Inside the Lobbyists NAFTA Copyright Demands: Copyright Alliance

After a period of consultation, it seems that US lobby groups have come out swinging in the NAFTA (North American Free Trade Agreement) talks. Today examine one: the Copyright Alliance.

After the US election, US President Donald Trump made good on a promise to renegotiate NAFTA. As trade talks get set to begin, it seems that US copyright lobbyists are taking the opportunity twist NAFTA to bend to their wishes. This involves dumping the most extreme copyright laws while tearing down critical consumer and innovation protections.

Michael Geist is pointing to several examples of this. We decided to look into one organization: the Copyright Alliance.

This organization represents several major US copyright lobbying organizations. This includes the RIAA, MPAA, BSA, and several major media organizations. Long term observers will likely see where this is going. In their submission (PDF), they laid out several key demands:

Establish commitments for the protection and enforcement of copyright,
including those that reflect minimum standards established by global
consensus (including duration of copyright protection).

This point represents what many dub as “policy laundering”. For quite some time, 50 years after the authors death was a widely used copyright length. This can be found in the Berne Convention which establishes the following:

The Berne Convention states that all works except photographic and cinematographic shall be copyrighted for at least 50 years after the author’s death

This, arguably, represents a global consensus. NAFTA, as you recall, involves the countries of Canada, the US, and Mexico. The question then becomes, what are the countries copyright length? According to Wikipedia, Canada’s length is life+ 50 years. In the US, it is life+ 70 years. In Mexico, the term length is life+ 100 years. In short, the copyright length meets or exceeds a global consensus in all three countries.

The question then becomes, what has changed? Lobbyists have been pushing other countries to extend copyright terms. In some instances, even going into the extreme length of life plus 100 years back when Some of the trade agreements were being negotiated. After years of lobbying, a few countries eventually caved to the pressure and extended to life plus 70 years.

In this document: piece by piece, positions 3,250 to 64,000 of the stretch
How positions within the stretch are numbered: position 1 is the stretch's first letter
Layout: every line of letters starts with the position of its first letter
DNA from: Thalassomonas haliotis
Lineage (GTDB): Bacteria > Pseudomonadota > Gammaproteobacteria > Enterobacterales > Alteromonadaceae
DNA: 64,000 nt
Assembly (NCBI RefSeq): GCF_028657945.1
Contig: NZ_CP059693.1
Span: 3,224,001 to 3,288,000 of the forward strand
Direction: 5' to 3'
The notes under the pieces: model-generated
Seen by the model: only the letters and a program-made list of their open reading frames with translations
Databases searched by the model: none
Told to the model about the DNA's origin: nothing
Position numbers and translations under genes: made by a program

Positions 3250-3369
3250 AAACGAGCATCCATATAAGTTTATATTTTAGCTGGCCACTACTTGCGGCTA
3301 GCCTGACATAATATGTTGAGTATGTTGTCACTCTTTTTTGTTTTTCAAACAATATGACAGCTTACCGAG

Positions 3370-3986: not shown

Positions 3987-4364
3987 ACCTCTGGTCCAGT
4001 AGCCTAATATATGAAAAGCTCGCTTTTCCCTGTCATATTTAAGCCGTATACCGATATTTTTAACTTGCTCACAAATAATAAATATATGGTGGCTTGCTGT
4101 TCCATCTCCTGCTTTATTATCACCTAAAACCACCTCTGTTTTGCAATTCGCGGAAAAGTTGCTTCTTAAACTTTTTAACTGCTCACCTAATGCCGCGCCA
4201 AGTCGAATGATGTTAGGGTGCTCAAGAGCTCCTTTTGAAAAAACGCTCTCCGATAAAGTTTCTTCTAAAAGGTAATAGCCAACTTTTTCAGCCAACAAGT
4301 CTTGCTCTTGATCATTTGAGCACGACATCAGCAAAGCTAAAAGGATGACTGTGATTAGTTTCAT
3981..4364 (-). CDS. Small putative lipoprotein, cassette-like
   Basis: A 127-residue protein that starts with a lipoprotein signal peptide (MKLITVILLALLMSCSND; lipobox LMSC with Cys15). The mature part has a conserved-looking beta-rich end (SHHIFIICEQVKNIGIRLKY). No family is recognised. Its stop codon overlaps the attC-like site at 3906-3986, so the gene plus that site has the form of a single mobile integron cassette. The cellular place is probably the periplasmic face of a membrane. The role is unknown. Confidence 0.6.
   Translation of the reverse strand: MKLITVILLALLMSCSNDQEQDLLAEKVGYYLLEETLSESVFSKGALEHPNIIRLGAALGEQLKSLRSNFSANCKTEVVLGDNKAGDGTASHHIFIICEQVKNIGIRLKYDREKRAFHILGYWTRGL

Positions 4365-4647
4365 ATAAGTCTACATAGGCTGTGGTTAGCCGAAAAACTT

If life plus 70 years is the goal for this organization, there is only one country that doesn’t have that length of a copyright term: Canada. So that, in and of itself, is a shot across the bow against Canada. Regardless, the language of “global consensus” is extremely misleading. They lobbied other countries, then turn around and call it a global consensus for countries that have yet to cave to the corporate lobbying.

What they mean by other “minimum standards” could mean pretty much anything. One possibility is the failed three strikes law policy. Another possibility could be criminal sanctions for circumventing a DRM. That ultimately is a solution looking for a problem. No matter what, however, the global consensus is ultimately a consensus established by the lobby organization and little more.

The next point is this:

Include effective provisions on technological protection measures and rights
management information, which are critical for the growth of legitimate
digital distribution models, and only narrow and predictable exceptions to
these provisions.

This goes back to Digital Rights Management (DRM). Canada has some very strict anti-circumvention laws on the books now. Meanwhile, the US, the Digital Millennium Copyright Act (DMCA) has some of the strictest anti-circumvention laws in the world. The DMCA has been widely cited as the reason why innovation has been hampered in various technological sectors. This includes a manufacturers ability to hamstring independent repair shops for motor vehicles. A manifestation of the movement to fix this problem has become known as Right to Repair.

Another common problem is the ability to play DVD’s or BluRay on unauthorized devices such as Linux based computer components (thanks to CSS and BD+, this makes it legally problematic).

Over the years, copy protection has proven time and time again to punish the consumer and rewarding the so-called “pirate”. Two great examples of this is the Ubisoft DRM scandal and the Sony Rootkit scandal of 2006. History is littered with examples of this sort of things, but these are two examples.

What is suggested here is that the lobby organization wants to crack down on exceptions and ramp up the laws against circumvention. So, in the future, these problems would only be exacerbated as questions around security could see people doing the right thing be punished for speaking out.

A third demand is as follows:

Ensure effective protection of copyright on the internet, including by:
o ensuring adequate rules for secondary liability for copyright infringement similar to those provided by U.S. law;
o ensuring the same rules for enforcement against physical goods apply online;
o ensuring conditional safe harbors for internet intermediaries that incentivize cooperation with rights holders in addressing infringement through their services.

There is a fair number of things being demanded here. The first we can address is basically make the rules for offline copyright infringement match those of online copyright infringement. This is, of course, extremely problematic because there is a world of difference between a song on a CD and a song in an MP3 format.

Probably one of the most popular examples over the years is that if I give a CD to someone, I no longer have that CD. If I send an MP3 to someone else, I still have the original MP3 (ergo, a “copy”).

In the same vain, the MPAA (Motion Picture Association of America) tried to suggest that physical goods are just like digital goods. This was the subject of the famous PSA that was forced onto consumers back when DVDs was still the biggest way people watched movies at home. As a result, it became the subject of countless memes ever since.